Again, with everything that’s going on with the economy we should be asking ourselves some pertinent questions. How well do we prepare for emergencies? How well do we diversify our incomes? How well do we invest in developing and mastering our skills, so we are prepared to take advantage of new opportunities that present themselves in a crisis?
Focused on the hype instead of sustainable results
I saw a headline recently that made laugh uncontrollably for at least ten minutes.
“ Nigerian Astronaut to land in space by 2030…Minister of Science and Technology shares his plans’.
One could argue that this is long -term thinking! Futuristic even. However, I have questions. Call me silly but why do we need a man in space when we haven’t finished conquering the problems of the 170 million people in this country. Shouldn’t the minister of Science and Technology focus on more pressing issues like developing technology that will create jobs, make businesses more efficient and reduce poverty?
2030 might seem like a long time but that’s just 14 years, think about where we were just 14 years ago, we were still complaining about the same things we are complaining about today, fuel scarcity, limited power supply, no jobs high poverty rate because we were not focused and failed to prioritize what was important.
The same could be said for individuals or businesses. Sometimes we focus more on the goals that are cosmetic as opposed to the things that will improve the bottom line. For example, I was talking to someone who launched a new product a year ago and the business had quickly become unprofitable given the current economy. In retrospect they had realized that they had spent four times the amount on marketing and PR that would create the ‘buzz’ in traditional and new media at the expense of operational efficiency and weren’t able to measure the impact the ‘hype’ that had been created and its effect on the bottom line. So for all intents and purposes the business was ‘popular’ so you saw it everywhere but it was unprofitable.
The crippling effect of consumerism
It’s no secret that as a country we consume way more than we produce and therefore import dependent and don’t export much. This could also be linked back to the lack of planning mentioned earlier because we need infrastructure to be able to convert the resources we have been blessed with into exportable goods and services. This has left our country resource rich but with a large population of poor people.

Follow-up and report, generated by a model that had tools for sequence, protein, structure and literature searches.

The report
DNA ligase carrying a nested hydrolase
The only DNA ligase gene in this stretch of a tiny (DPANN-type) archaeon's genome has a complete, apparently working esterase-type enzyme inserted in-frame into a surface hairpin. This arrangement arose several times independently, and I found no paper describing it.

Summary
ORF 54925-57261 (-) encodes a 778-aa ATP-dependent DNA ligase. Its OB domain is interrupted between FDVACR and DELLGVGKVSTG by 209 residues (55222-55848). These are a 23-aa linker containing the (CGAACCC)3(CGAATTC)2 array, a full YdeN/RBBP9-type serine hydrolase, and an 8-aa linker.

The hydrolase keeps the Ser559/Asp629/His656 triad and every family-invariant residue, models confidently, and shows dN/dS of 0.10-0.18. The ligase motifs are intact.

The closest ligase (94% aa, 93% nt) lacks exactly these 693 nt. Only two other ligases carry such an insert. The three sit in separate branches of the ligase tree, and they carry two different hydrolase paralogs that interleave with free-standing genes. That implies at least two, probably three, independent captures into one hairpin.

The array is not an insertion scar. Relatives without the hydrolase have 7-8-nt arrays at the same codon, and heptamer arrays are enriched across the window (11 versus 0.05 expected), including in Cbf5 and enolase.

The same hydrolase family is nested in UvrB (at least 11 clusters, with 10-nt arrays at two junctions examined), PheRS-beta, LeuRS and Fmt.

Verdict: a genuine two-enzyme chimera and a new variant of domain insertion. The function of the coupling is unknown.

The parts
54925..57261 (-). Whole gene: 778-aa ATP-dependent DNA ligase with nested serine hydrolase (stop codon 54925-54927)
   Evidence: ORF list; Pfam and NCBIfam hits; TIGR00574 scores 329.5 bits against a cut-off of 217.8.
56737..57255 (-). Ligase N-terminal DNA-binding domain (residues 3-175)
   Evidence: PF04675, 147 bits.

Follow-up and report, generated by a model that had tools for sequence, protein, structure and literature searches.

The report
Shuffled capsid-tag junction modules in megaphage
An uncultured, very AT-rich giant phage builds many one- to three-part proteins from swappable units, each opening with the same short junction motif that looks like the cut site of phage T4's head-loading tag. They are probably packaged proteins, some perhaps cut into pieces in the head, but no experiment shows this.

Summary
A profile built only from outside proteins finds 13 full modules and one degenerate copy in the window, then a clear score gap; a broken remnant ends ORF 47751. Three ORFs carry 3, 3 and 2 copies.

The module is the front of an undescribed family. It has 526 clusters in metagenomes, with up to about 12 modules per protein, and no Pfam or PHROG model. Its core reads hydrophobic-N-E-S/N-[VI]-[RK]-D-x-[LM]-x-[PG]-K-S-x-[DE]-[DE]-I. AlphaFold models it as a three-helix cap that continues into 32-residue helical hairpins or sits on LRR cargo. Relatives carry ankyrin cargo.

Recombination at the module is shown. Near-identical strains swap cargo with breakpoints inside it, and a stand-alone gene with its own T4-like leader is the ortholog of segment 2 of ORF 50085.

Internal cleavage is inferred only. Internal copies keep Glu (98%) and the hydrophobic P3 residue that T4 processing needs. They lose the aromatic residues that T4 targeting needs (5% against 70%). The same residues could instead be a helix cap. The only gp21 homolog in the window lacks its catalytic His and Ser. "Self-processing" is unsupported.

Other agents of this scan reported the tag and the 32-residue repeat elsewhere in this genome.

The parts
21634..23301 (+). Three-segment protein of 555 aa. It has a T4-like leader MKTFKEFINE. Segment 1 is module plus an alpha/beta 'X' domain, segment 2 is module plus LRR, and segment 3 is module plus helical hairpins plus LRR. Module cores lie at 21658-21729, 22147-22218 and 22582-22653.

This short- term mentality also manifests in the way that we think about our personal incomes. In Nigeria, we grow up knowing that we need to make money to become financially successful but we are not taught in any formal framework how to keep it or grow it. As a result, many graduates get their first paycheck and the first thought is what can I spend it on not how much can I start saving and investing so that I can systematically build assets that will protect me in the future. We’ll give ourselves lots of excuses for not putting some of our paycheck aside no matter how little. ‘I’m too poor to save’, I’m too young to start investing’, ‘I’ll have more time to do all that when I start making more money’ but the reality is that its that sort of short term thinking that keeps people poor and living from pay check to pay check, even when they start earning five times the amount they started out with as youth corper’s because the way you spend ten naira is the way you’ll spend ten million. The key difference between wealthy people and broke people is that broke people think about their money in terms of acquiring ‘stuff’ and wealthy people think about their money in terms of acquiring assets.
In order to build wealth sustainably as a country and as individuals, we need to reframe the way we think about our income and make decisions for the long term.